Tuesday, January 19, 2010

Financial Edge: Gauging the Buffett effect

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Financial Edge: Gauging the Buffett effect

By Tony Kruglinski, Financial Editor

anthony-kruglinski-web.jpgIf you are like this writer, during the past weeks and months you have been pummeled by kith and kin concerning Warren Buffett’s BNSF strategy and what it may mean “for” and “to” you. It’s pretty clear that we are getting these questions because our friends and family don’t understand exactly how we make a living in this industry and now (they think) they have something to discuss with us! God bless them. But I would suggest that we need to go beyond the easy “Buffett” answers that we give friends and relatives . . .

“It’s a vote of confidence for the American economy and an important industry that supports it.”

“He recognizes the long term role railroads play and the long term growth that is possible for the knowledgeable investor.”

. . . and ask some serious questions that need asking, which have nothing to do with Mr. Buffett’s investing wisdom.
We should ask, for instance, how Warren Buffett’s very public endorsement of the future of the railroad industry in North America will, in-and-of-itself, affect us? Let’s start with some basics:

• Savvy industry participants know all about the vibrant future freight railroading will have when the economy rebounds.

• Investors in railroad stocks are now benefiting from the “rising tides lift all boats” result of Warren Buffett’s BNSF strategy.

• Railroad industry wannabe investors have been sitting on the sidelines looking for opportunities to jump into a depressed market for rail equipment (in particular), but have found their options severely limited due to the absence of sellers willing to take a haircut on prices.

Will the spotlight Mr. Buffett has put on our industry suggest to potential investors (who have been on the sidelines, studying the industry for months or years) that waiting for better opportunities may just cause them to miss the proverbial train? We think that’s a good possibility. Everything in life needs to be taken in context with what’s happening and what can be perceived as likely to happen.

For instance, in the second half of 2008, several large railcar operating lease portfolios were (formally and informally) offered for sale. We are told that none sold because potential buyers were unwilling to offer pricing at or close to the sellers’ book values. The only sale that occurred was a small 3,000-plus fleet that sold (for a discount of about 25%) when its parent entered liquidation.

Every indication is that one or more operating lease fleets could be on the market in 2010 if the interest and pricing rebounds in the marketplace. Both CIT and AIG are possible candidates for sale. There could be others. If buyers continue to hold back, waiting for a “deal” on discounted assets, these potential sales will only occur if the seller hits a wall of some sort and absolutely has to sell.

But what if, keying on Mr. Buffet’s view of the long-term investment value represented by the railroad industry, some of these buyers decide that the time to invest is now before the train leaves the station? We think that possibility is a real one. Residential real estate sellers and buyers ultimately reach agreement based on mutual perceptions as to the state of a moving market. We believe it is very possible that efforts to market existing operating lease portfolios of equipment in 2010 may be more successful than in the past simply because Warren Buffett has started playing face-up poker regarding his long-term view of our industry. (A side issue: Debt markets need to rebound to lend into these potential acquisitions.)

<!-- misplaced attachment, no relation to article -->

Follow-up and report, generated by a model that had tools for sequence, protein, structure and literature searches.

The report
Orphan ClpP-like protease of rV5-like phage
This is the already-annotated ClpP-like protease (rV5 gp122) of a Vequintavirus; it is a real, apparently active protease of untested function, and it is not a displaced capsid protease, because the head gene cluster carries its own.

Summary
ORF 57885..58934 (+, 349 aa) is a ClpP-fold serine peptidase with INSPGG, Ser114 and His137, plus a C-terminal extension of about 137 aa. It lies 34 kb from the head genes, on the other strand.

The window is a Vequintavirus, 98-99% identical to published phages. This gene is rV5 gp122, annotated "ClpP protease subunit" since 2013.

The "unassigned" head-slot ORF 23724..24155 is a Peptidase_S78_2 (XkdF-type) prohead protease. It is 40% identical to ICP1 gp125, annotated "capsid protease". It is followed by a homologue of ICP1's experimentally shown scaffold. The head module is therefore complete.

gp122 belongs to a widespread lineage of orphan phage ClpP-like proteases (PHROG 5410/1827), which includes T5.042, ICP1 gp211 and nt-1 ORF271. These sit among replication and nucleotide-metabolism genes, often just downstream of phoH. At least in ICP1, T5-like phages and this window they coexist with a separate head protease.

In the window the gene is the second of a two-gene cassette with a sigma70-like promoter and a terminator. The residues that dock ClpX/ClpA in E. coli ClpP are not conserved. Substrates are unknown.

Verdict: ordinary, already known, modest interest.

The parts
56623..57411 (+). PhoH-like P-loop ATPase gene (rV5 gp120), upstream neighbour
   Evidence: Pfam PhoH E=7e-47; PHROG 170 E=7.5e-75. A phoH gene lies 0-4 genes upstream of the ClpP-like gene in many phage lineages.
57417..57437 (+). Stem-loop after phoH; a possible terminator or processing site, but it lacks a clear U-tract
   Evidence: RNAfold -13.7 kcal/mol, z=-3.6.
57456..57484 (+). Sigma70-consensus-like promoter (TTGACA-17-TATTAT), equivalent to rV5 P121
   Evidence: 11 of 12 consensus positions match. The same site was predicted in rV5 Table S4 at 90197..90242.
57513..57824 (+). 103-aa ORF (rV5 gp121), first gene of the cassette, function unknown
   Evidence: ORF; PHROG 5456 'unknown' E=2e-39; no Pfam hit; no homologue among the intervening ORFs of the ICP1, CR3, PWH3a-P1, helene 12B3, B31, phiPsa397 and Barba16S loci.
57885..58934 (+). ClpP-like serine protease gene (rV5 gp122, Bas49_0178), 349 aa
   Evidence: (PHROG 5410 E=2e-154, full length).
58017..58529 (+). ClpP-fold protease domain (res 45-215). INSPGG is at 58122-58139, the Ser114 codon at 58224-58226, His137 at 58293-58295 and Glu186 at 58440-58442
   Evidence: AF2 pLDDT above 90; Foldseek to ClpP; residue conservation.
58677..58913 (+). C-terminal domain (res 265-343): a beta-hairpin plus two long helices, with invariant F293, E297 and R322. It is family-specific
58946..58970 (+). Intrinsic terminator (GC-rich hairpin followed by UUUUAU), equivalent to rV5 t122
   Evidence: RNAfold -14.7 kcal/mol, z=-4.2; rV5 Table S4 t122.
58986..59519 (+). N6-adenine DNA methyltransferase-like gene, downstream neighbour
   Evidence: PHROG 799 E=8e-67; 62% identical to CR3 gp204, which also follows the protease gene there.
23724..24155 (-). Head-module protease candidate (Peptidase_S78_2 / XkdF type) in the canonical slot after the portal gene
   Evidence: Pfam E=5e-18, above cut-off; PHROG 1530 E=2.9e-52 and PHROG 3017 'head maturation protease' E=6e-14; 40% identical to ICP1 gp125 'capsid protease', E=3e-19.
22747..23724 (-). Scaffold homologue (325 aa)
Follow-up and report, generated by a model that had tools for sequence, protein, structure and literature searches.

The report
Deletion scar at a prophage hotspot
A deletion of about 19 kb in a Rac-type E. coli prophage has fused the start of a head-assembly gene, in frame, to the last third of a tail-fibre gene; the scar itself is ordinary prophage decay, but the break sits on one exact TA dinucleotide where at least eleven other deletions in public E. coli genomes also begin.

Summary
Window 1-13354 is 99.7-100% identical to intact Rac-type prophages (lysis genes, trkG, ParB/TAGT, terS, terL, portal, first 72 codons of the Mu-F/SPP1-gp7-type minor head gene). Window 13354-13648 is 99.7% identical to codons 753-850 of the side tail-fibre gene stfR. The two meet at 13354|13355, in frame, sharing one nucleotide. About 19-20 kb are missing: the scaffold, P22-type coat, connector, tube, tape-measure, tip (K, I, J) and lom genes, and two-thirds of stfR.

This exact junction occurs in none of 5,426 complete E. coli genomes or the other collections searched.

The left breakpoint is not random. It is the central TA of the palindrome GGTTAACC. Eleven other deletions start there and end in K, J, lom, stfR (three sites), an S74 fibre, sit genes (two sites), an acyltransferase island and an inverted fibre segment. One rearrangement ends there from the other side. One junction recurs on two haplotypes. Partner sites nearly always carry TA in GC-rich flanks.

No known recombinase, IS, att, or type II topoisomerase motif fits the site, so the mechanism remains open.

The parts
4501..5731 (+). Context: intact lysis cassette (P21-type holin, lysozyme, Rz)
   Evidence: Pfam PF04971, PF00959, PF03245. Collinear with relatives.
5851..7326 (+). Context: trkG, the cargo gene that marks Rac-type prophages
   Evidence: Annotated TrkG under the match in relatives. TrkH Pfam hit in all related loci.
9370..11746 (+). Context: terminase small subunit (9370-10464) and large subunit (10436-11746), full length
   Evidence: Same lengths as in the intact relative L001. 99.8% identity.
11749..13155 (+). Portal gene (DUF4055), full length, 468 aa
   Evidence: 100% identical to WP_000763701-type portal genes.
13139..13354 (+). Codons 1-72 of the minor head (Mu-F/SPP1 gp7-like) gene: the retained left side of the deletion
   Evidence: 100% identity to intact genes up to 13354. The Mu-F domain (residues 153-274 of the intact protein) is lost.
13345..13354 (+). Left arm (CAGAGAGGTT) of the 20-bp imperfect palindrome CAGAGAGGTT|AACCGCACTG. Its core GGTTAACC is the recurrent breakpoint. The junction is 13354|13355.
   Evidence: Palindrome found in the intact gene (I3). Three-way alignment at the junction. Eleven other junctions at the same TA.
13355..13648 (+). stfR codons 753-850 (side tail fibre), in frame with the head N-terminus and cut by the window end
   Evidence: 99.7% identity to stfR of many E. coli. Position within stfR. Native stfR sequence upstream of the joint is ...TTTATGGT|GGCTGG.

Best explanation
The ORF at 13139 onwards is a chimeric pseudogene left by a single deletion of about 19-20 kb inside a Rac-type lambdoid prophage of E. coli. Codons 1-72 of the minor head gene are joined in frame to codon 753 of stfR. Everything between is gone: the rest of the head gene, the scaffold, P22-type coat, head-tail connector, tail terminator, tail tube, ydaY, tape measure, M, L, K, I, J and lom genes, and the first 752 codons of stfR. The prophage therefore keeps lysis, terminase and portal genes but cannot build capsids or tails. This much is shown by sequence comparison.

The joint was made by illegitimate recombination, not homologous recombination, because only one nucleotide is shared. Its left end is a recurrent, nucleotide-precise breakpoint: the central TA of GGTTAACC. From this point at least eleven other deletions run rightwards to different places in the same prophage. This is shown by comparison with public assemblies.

Now, who will these likely buyers be? We think that many of the new investors that took a look—and a pass— at buying operating leasing fleets will be back and, perhaps, may be more willing to realistically consider the seller’s minimums. Remember, investors who invested side-by-side with Mr. Buffett in BNSF are now due to earn a premium materially larger than any discount sought by potential lease fleet investors in 2008!

Timing is everything.

What about the stocks of railcar builders that have been depressed due to the miserable market for new car sales? Here, we are not sure that any Buffett vote of confidence will be able to boost stock prices unless and until order books begin filling up. Unfortunately, hundreds of thousands of parked freight cars would suggest that is not about to happen.
How about investments in other rail industry suppliers? We believe that there will be increased investor interest due not only to Mr. Buffett, but also to passenger rail funding coming from Washington. (Arguably, federal largesse has already started M&A activity in this sector.)

I’ll steal a page from Marilyn Monroe’s serenade to JFK on his 45th Birthday (Sung to “Thanks For The Memory”):

“Thanks, Mr. Buffett.
For all the things you’ve done.
You’ve invested by the ton.
You’ve led the way.
You’ve sold the Street
To us you’re number one.
We thank you so much!”


William C. Vantuono, Editor-in-Chief

With Railway Age since 1992, William C. Vantuono has broadened and deepened the magazine's coverage of the technological revolution that is so swiftly changing the industry. He has also strengthened Railway Age’s leadership position in industry affairs with the conferences he conducts, among them Next-Generation Train Control, Light Rail, and Rail Insights. He is the author or co-author or editor of several books, among them All About Railroading; John Armstrong’s The Railroad: What It Is, What It Does; Railway Age’s Comprehensive Railroad Dictionary; and Planning, Engineering, and Operating Light Rail, With Applications in New Jersey.

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